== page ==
[26]
A. D. Becke, Density-functional thermochemistry. V. Systematic optimization of exchange-correlation functionals, Journal of chemical physics, 1997, 107, 20, 8554‑8560.
[27]
R. Bauernschmitt and R. Ahlrichs, Stability analysis for solutions of the closed shell Kohn–Sham equation, Journal of chemical physics, 1996, 104, 22, 9047‑9052.
[28]
C. Lee, W. Yang, and R. G. Parr, Development of the Colle-Salvetti correlation-energy formula into a functional of the electron density, Physical review B, 1988, 37, 2, 785‑789.
[29]
A. D. Becke, Density‐functional thermochemistry. I. The effect of the exchange‐only gradient correction, Journal of chemical physics, 1993, 98, 7, 5648‑5652.
[30]
M. J. Frisch, G. W. Trucks, H. B. Schlegel, G. E., Scuseria, M. A. Robb, J. R. Cheeseman, J. A. Montgomery, Jr., T. Vreven, K., N. Kudin, J. C. Burant, J. M. Millam, S. S. Iyengar, J. Tomasi, V. Barone, B., Mennucci, M. Cossi, G. Scalmani, N. Rega, G. A. Petersson, H. Nakatsuji, M., Hada, M. Ehara, K. Toyota, R. Fukuda, J. Hasegawa, M. Ishida, T. Nakajima, Y. Honda, O. Kitao, H. Nakai, M. Klene, X. Li, J. E. Knox, H. P. Hratchian, J., B. Cross, C. Adamo, J. Jaramillo, R. Gomperts, R. E. Stratmann, O. Yazyev, A. J. Austin, R. Cammi, C. Pomelli, J. W. Ochterski, P. Y. Ayala, K., Morokuma, G. A. Voth, P. Salvador, J. J. Dannenberg, V. G. Zakrzewski, S., Dapprich, A. D. Daniels, M. C. Strain, O. Farkas, D. K. Malick, A. D., Rabuck, K. Raghavachari, J. B. Foresman, J. V. Ortiz, Q. Cui, A. G. Baboul, S. Clifford, J. Cioslowski, B. B. Stefanov, G. Liu, A. Liashenko, P. Piskorz, I., Komaromi, R. L. Martin, D. J. Fox, T. Keith, M. A. Al-Laham, C. Y. Peng, A., Nanayakkara, M. Challacombe, P. M. W. Gill, B. Johnson, W. Chen, M. W., Wong, C. Gonzalez, et J. A. Pople, Gaussian, Inc., Pittsburgh PA. Gaussian 03, Revision A.1, 2003.
[31]
E. Cancès, B. Mennucci, and J. Tomasi, A new integral equation formalism for the polarizable continuum model: Theoretical background and applications to isotropic and anisotropic dielectrics, Journal of chemical physics, 1997, 107, 8, 3032‑3041.
[32]
G. E. Scuseria, T. J. Lee, R. J. Saykally, and H. F. Schaefer, Nitrogen quadrupole coupling constants for HCN and H2CN+: Explanation of the absence of fine structure in the microwave spectrum of interstellar H2CN+, Journal of chemical, 1986, 84, 10, 5711‑5714.
[33]
M. C. Rezende, A theoretical HSAB study of the acidity of carbon acids CH3Z, Journal of the Brazilian Chemical Society, 2001, 12, 1, 73‑80.
[34]
C. Møller and M. S. Plesset, Note on an approximation treatment for many-electron systems, Physical review, 1934, 46, 7, 618‑622.
[35]
R. G. Parr, R. A. Donnelly, M. Levy, and W. E. Palke, Electronegativity: The density functional viewpoint, Journal of Chemical Physics, 1978, 68, 8, 3801‑3807.
[36]
C. Morell, A. Grand, and A. Toro-Labbé, New dual descriptor for chemical reactivity, Journal of Physical Chemistry A, 2005, 109, 1, 205‑212.
[37]
P. Bultinck, D. Clarisse, PP. W. Ayers, and R. Carbo-Dorca, The Fukui matrix: a simple approach to the analysis of the Fukui function and its positive character, Physical Chemistry Chemical Physics, 2011, 13, 6110‑6115.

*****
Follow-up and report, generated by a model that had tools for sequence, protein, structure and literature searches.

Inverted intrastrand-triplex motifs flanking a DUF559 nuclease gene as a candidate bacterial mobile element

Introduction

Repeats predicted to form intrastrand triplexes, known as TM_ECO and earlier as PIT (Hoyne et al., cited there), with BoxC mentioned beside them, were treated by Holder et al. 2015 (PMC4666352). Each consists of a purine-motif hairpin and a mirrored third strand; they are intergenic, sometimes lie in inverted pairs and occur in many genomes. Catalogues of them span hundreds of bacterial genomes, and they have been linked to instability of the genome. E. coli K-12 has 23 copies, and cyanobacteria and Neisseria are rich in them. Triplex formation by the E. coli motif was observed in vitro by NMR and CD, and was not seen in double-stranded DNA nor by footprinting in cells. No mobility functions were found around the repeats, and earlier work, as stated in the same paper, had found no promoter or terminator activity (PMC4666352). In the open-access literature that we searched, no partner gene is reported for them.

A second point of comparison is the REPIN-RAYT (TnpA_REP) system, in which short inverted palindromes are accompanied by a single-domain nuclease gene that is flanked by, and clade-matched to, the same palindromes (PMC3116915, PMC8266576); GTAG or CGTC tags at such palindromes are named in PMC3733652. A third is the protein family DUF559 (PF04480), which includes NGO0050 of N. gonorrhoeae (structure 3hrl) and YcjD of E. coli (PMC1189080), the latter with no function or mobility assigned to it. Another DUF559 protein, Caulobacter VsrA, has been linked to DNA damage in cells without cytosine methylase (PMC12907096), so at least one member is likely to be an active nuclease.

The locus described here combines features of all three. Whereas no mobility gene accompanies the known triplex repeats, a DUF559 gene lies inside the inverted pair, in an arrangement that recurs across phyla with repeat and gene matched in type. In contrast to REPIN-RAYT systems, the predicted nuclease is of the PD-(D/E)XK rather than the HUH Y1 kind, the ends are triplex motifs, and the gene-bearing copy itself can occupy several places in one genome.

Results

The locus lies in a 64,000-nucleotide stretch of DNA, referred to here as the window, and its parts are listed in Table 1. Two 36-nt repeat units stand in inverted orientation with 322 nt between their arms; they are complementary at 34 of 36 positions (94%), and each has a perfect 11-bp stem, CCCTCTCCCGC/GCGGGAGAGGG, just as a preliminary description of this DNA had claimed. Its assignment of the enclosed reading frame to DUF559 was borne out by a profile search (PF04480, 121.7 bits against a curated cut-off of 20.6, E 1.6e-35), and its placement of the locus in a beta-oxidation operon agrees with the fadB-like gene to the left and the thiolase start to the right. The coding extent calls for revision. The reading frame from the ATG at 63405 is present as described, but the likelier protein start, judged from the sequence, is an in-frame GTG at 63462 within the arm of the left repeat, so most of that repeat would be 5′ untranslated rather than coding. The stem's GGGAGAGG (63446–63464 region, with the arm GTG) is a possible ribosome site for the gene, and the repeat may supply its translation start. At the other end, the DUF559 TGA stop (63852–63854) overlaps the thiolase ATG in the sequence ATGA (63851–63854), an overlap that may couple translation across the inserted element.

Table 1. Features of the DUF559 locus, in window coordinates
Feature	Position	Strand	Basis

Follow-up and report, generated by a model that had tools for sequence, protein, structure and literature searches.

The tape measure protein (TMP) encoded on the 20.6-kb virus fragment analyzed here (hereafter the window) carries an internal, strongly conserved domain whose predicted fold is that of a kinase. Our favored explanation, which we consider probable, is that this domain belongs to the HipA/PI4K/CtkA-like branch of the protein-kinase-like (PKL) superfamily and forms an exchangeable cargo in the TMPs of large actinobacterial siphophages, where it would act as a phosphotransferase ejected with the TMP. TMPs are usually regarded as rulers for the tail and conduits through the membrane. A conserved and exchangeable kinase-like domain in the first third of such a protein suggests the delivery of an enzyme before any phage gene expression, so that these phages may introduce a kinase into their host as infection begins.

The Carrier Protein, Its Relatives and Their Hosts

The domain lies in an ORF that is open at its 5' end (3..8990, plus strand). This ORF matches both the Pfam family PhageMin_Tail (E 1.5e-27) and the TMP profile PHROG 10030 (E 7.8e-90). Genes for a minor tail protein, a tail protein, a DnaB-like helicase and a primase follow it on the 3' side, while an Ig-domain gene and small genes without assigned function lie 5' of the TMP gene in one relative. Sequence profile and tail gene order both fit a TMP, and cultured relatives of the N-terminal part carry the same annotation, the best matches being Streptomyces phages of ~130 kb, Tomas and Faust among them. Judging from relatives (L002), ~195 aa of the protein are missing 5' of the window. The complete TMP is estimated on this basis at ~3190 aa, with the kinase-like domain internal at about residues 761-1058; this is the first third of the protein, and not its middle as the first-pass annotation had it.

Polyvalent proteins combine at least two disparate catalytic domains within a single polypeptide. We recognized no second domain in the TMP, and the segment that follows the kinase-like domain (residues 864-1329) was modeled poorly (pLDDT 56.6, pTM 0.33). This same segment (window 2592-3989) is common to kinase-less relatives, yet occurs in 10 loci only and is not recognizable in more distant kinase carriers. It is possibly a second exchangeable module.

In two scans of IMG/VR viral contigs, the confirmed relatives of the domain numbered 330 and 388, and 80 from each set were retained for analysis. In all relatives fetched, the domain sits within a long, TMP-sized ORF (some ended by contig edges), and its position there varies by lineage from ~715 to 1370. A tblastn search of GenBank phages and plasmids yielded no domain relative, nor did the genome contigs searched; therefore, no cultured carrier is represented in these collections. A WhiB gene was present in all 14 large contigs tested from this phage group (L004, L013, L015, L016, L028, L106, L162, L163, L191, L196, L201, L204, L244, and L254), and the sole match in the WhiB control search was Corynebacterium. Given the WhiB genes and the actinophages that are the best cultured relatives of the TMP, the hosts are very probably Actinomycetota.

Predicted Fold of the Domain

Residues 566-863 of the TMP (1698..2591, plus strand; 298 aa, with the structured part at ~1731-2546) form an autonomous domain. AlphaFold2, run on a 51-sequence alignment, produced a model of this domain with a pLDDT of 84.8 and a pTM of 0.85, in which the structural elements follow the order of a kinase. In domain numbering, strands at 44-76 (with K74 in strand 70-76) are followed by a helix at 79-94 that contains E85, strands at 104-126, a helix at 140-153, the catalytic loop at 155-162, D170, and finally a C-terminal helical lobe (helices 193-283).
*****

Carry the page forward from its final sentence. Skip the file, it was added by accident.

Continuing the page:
[38]
J. Melin, PP. W. Ayers, and J. V. Ortiz, Removing electrons can increase the electron density: a computational study of negative Fukui functions, Journal of Physical Chemistry A, 2007, 111, 40, 10017‑10019.
[39]
H. Eljazouli, H. Kabli, T. Atbir, M. Elamine, and A. Albourine, Protonation of Uracil, Thymin and 5-Halogénouracil Examined at the Isolated State. Calculation of the Protonic Affinitys by the AM1 Method, Physical & Chemical News, 2007, 34, 97-104.
[40]
M. D. Liptak, K. C. Gross, PP. G. Seybold, S. Feldgus, and G. C. Shields, Absolute pKa Determinations for Substituted Phenols, Journal of the American Chemical Society, 2002, 124, 22, 6421‑6427.
[41]
B. R. Scott, G. L. Dorn, E. Käfer, and R. Stafford, Aspergillus nidulans: systems and results of tests for induction of mitotic segregation and mutation. II. Haploid assay systems and overall response of all systems. A report of the U.S. EPA Gene-Tox Program, Mutation Research, 1982, 98, 1, 49‑94.
[42]
M. Belletête, J.-F. Morin, M. Leclerc, and G. Durocher, A Theoretical, Spectroscopic, and Photophysical Study of 2, 7-Carbazolenevinylene-Based Conjugated Derivatives, Journal of Physical Chemistry A, 2005, 109, 31, 6953‑6959.
[43]
J. Aihara, Reduced HOMO−LUMO gap as an index of kinetic stability for polycyclic aromatic hydrocarbons, Journal of Physical Chemistry A, 1999, 103, 37, 7487‑7495.
[44]
A. A. Shabana, I. S. Butler, D. F. R. Gilson, B. J. Jean-Claude, Z. S. Mouhri, M. M. Mostafa, and S. I. Mostafa, Synthesis, characterization, anticancer activity and DNA interaction studies of new 2-aminobenzothiazole complexes; crystal structure and DFT calculations of [Ag(Habt)2] ClO4, Inorganica Chimica Acta, 2014, 423, 242‑255.
[45]
C. O. Leong, M. Gaskell, E. A. Martin, R. T. Heydon, P. B. Farmer, M. C. Bibby, P. A. Cooper, J. A. Double, T. D. Bradshaw and M. F. G. Stevens, Antitumour 2-(4aminophenyl) benzothiazoles generate DNA adducts in sensitive tumour cells in vitro and in vivo, British Journal of Cancer, 2003, 88, 3, 470-477.
[46]
R. K. Roy, S. Pal, and K. Hirao, On non-negativity of Fukui function indices, Journal of chemical physics, 1999, 110, 17, 8236‑8245.
Browse journals by subject